I don’t think in terms of separate essential articles. The connection between them is of interest. Take this series of papers/books. Start with Silent Spring by Rachel Carson (I have the book, you can borrow it), then read Profit maximization and the extinction of animal species by Colin Clark, to continue with Limits to growth by Meadows et al.. Now, jump to climate change. Read Cline WR (1992) The economics of global warming. Institute for International Economics, Washington, then Nordhaus W (2008) A question of balance: weighing the options on global warming policies. Yale, University Press, New Haven, then Stern N (2007) The economics of climate change: the Stern review. Cambridge University Press, Cambridge. What do we learn? (1) Institutions that stimulate economic growth can also stimulate environmental destruction. (2) To think of whether or how much we want to prevent environmental destruction, we need to think of the weight we give to the future. (3) Researchers can’t agree on the principles for weighing the future. (4) In the end, it is a political question, a question of power, whether we succeed to reduce climate change sufficiently. Science will be almost irrelevant.

  1. And could you be so kind and give a reference for a policy-oriented article or book that sums the research in your field for an interested policy maker?

I fear there is no such book.

  1. In what direction would you like to see environmental economics develop? What would be the obstacles?

I’ve the impression the field is doing fine, e.g. we’re getting macro people interested. Obstacles: we need good young researchers and senior researchers with a network being interested in the environment.

  1. If you had to give young researchers in environmental economics some advice, what would it be?

Don’t specialize too quickly on the environment.

  1. How do you mostly get your ideas?

I read something, or talk with someone, and then often wonder whether the arguments brought forward really are the most relevant ones.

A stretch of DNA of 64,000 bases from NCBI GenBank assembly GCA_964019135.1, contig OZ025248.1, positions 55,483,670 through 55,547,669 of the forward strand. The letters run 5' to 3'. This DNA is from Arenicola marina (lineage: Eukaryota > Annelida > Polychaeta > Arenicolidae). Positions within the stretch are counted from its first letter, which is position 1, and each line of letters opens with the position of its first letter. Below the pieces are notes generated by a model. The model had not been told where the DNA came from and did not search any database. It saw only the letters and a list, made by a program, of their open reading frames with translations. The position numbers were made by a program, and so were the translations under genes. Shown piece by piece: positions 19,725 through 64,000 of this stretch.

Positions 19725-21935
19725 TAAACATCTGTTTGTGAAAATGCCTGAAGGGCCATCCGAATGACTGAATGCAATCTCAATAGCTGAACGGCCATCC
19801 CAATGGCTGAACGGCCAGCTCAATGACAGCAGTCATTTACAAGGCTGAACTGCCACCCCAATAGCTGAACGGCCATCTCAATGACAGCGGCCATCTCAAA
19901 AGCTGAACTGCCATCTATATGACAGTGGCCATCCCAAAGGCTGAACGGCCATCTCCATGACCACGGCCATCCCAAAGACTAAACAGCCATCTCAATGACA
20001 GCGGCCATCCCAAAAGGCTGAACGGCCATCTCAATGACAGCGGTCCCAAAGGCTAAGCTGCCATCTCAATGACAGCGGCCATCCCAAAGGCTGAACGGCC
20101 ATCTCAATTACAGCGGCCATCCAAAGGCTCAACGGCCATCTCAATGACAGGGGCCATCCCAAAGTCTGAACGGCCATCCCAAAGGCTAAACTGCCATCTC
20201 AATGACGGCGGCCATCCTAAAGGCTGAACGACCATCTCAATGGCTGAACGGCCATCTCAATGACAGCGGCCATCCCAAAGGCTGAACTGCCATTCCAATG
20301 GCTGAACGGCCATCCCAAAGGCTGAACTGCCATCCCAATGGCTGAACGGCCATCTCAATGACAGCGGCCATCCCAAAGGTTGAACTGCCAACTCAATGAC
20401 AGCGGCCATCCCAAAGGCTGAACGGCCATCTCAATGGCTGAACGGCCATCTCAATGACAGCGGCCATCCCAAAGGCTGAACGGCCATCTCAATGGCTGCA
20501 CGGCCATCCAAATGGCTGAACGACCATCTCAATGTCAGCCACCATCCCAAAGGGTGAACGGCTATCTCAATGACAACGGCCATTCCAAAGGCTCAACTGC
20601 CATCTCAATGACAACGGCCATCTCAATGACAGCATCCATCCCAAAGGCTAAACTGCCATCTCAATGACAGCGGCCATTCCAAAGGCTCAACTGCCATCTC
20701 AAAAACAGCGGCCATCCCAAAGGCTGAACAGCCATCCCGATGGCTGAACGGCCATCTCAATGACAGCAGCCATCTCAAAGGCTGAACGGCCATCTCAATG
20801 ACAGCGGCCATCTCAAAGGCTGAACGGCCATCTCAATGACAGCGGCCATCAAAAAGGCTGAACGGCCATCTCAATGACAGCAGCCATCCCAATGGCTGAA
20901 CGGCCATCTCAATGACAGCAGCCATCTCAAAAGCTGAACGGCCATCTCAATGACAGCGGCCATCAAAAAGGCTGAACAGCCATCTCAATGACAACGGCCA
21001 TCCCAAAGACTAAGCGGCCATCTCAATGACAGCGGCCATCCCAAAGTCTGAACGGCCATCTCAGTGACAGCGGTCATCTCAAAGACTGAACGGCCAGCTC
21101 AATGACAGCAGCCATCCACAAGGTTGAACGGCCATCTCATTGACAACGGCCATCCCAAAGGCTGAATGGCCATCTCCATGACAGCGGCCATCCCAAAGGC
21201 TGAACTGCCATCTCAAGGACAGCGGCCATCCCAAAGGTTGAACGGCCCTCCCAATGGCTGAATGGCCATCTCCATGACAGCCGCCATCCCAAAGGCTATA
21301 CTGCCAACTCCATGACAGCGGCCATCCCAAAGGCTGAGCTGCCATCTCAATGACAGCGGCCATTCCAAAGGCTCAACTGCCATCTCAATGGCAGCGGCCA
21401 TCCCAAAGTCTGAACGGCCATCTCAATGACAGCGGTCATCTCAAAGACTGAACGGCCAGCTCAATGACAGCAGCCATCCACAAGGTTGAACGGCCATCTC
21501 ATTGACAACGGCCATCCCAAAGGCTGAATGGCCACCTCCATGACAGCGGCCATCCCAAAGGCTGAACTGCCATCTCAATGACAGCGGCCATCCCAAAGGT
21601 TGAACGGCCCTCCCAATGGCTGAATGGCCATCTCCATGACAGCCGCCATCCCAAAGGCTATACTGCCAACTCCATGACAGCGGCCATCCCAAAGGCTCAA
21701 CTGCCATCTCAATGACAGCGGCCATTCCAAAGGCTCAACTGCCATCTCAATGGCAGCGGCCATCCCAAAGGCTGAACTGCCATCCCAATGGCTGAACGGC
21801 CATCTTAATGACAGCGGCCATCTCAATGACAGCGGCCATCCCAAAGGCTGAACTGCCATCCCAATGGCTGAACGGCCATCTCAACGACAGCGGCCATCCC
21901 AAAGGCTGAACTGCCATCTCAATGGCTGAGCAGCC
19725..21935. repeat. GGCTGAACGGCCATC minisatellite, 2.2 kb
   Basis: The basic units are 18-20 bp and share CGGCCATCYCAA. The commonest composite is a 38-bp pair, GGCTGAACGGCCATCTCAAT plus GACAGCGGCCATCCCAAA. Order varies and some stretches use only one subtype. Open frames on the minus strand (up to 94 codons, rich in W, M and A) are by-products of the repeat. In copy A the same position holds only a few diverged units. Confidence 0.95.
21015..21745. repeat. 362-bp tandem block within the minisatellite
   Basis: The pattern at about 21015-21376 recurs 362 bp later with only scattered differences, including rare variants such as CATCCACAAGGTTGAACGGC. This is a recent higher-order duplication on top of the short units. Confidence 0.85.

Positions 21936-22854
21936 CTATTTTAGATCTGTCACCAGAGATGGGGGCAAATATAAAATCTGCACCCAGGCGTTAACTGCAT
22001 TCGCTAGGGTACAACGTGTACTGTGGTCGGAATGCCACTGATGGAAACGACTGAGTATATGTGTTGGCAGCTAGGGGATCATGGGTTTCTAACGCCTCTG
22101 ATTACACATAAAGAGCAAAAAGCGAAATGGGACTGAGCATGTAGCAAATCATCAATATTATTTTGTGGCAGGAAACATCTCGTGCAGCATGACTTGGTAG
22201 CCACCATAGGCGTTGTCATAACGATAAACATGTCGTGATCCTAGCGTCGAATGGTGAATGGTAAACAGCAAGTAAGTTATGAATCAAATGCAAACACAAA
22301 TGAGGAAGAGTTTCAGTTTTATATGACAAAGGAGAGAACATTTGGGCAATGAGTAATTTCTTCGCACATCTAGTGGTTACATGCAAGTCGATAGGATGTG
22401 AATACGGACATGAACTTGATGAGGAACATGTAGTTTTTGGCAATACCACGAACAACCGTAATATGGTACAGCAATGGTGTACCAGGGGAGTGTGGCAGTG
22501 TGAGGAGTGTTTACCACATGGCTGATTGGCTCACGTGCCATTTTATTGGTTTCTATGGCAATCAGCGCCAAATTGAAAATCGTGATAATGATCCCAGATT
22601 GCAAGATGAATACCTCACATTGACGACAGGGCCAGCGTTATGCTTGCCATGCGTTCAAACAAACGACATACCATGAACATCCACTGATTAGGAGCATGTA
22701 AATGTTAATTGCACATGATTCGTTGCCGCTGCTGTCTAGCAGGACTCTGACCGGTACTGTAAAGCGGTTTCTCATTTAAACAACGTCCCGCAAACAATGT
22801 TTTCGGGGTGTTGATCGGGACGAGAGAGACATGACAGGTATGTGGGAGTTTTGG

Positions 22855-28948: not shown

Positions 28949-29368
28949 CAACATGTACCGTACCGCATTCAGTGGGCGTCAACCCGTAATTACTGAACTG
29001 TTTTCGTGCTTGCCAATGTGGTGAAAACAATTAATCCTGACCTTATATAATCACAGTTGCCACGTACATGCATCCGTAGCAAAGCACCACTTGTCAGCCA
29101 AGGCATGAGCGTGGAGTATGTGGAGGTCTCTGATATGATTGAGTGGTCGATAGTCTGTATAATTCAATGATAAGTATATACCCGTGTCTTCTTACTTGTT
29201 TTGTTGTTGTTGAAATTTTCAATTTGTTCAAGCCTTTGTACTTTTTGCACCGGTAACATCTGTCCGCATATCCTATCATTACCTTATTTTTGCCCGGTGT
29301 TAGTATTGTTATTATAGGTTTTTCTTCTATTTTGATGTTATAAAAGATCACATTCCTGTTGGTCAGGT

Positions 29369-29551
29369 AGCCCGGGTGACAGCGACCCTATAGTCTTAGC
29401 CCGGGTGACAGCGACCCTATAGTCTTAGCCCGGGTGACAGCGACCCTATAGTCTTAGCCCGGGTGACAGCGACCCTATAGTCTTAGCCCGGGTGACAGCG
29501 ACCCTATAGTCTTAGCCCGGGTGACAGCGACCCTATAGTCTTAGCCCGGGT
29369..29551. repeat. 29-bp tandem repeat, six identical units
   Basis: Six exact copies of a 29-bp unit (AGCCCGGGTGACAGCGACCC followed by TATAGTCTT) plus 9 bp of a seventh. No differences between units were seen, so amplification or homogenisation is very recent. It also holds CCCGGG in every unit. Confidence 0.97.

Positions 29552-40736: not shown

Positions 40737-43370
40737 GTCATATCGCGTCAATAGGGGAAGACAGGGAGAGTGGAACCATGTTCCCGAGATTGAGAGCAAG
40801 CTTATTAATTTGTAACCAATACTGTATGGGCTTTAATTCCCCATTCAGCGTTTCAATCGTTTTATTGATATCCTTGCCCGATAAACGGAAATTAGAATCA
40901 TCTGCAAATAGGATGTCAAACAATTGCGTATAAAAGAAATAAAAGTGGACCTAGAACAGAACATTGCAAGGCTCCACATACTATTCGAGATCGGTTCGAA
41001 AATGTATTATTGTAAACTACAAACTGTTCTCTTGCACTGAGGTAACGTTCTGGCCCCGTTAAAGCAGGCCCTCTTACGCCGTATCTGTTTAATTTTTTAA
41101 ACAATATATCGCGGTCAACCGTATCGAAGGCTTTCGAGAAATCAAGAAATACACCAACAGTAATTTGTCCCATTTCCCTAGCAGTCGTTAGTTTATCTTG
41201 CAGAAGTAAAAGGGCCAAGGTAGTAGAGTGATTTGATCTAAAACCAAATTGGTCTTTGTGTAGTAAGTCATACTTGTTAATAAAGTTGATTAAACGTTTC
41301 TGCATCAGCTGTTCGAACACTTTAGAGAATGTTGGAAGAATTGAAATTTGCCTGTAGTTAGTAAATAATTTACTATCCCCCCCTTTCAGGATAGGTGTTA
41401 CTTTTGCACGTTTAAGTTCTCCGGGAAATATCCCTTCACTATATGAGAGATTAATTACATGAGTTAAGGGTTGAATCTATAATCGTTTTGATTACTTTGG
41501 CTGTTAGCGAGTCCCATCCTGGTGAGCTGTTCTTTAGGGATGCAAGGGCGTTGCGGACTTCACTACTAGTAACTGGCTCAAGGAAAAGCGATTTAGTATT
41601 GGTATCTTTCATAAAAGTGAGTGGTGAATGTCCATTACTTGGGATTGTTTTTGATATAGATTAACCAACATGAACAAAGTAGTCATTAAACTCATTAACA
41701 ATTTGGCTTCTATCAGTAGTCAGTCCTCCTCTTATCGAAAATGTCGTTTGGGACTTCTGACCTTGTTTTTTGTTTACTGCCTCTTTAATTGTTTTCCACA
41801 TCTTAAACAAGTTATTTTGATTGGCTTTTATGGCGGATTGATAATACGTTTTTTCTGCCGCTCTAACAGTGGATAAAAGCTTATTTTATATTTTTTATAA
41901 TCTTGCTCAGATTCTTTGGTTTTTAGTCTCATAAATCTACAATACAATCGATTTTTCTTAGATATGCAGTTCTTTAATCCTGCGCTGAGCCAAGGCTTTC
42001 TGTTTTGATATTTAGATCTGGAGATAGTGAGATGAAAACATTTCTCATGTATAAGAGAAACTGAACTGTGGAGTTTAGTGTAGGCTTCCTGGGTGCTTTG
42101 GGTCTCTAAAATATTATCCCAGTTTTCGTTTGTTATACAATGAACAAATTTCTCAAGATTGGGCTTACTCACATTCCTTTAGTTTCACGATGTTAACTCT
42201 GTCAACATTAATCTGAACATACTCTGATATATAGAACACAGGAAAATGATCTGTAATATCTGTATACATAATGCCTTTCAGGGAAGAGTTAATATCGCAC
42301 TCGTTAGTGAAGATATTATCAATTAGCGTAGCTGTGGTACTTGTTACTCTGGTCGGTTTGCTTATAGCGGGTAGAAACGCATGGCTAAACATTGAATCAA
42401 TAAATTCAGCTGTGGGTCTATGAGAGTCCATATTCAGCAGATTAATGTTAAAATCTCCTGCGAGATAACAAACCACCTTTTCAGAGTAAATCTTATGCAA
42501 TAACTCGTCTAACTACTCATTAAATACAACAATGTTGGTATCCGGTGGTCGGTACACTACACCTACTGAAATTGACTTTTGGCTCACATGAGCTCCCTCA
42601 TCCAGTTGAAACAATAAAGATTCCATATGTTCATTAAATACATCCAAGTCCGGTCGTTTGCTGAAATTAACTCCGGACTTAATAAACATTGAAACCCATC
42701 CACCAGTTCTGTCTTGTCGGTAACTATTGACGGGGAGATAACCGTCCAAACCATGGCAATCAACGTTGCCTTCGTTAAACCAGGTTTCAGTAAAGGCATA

1. Are you more interested in fundamental research or do you try to shape actual policy through your research? Which impact would you say does your research have on policy making? And how do you think environmental economists could increase their say in the policy agendas?

Sadly, I fear my research has very limited consequences. There is a huge gap between politics and research, and I disagree with those who blame researchers for their ‘ivory tower’ perspective. Let me reflect on my own experience. The IPCC makes a laudable effort, and I considered that important enough to contribute, spending some holidays (in the mountains while the family went hiking) on writing and editing, honestly. Still I’m not sure whether my effort was good enough. What I found troubling in the IPCC process was the disdain from some policy makers for research outcomes that do not fit their agenda. Dialogue needs a serious effort, on both sides, also from the policy maker. The final approval session of the IPCC AR5 WGIII report showed some deep disagreements between country delegates, where research could not mediate. After one week of dialogues and heated discussion, it was a sad (but also interesting!) experience to watch the firework explode at the end of the week, when some country delegates killed substantial content of the, for me most relevant, part of the summary for policy makers.

In short, there is no guarantee for real-life relevance. When I feel optimistic, then I foresee that students in the courses that I teach may have learned some small pieces partly thanks to me. We do a very good job when the next generation implements the insights that we produce in our research.

  1. And now for a bit of fun. Do you know the concept of holidays or do you take your papers to the beach?

I take the papers to the mountains.

  1. What is your favourite economics joke or anecdote from a conference?

I’m always serious!

  1. Please feel free to suggest someone else whose answers you would like to see.

I very much esteem my colleagues Sjak Smulders and Matti Liski. Their answers to 3 would be much more useful than mine.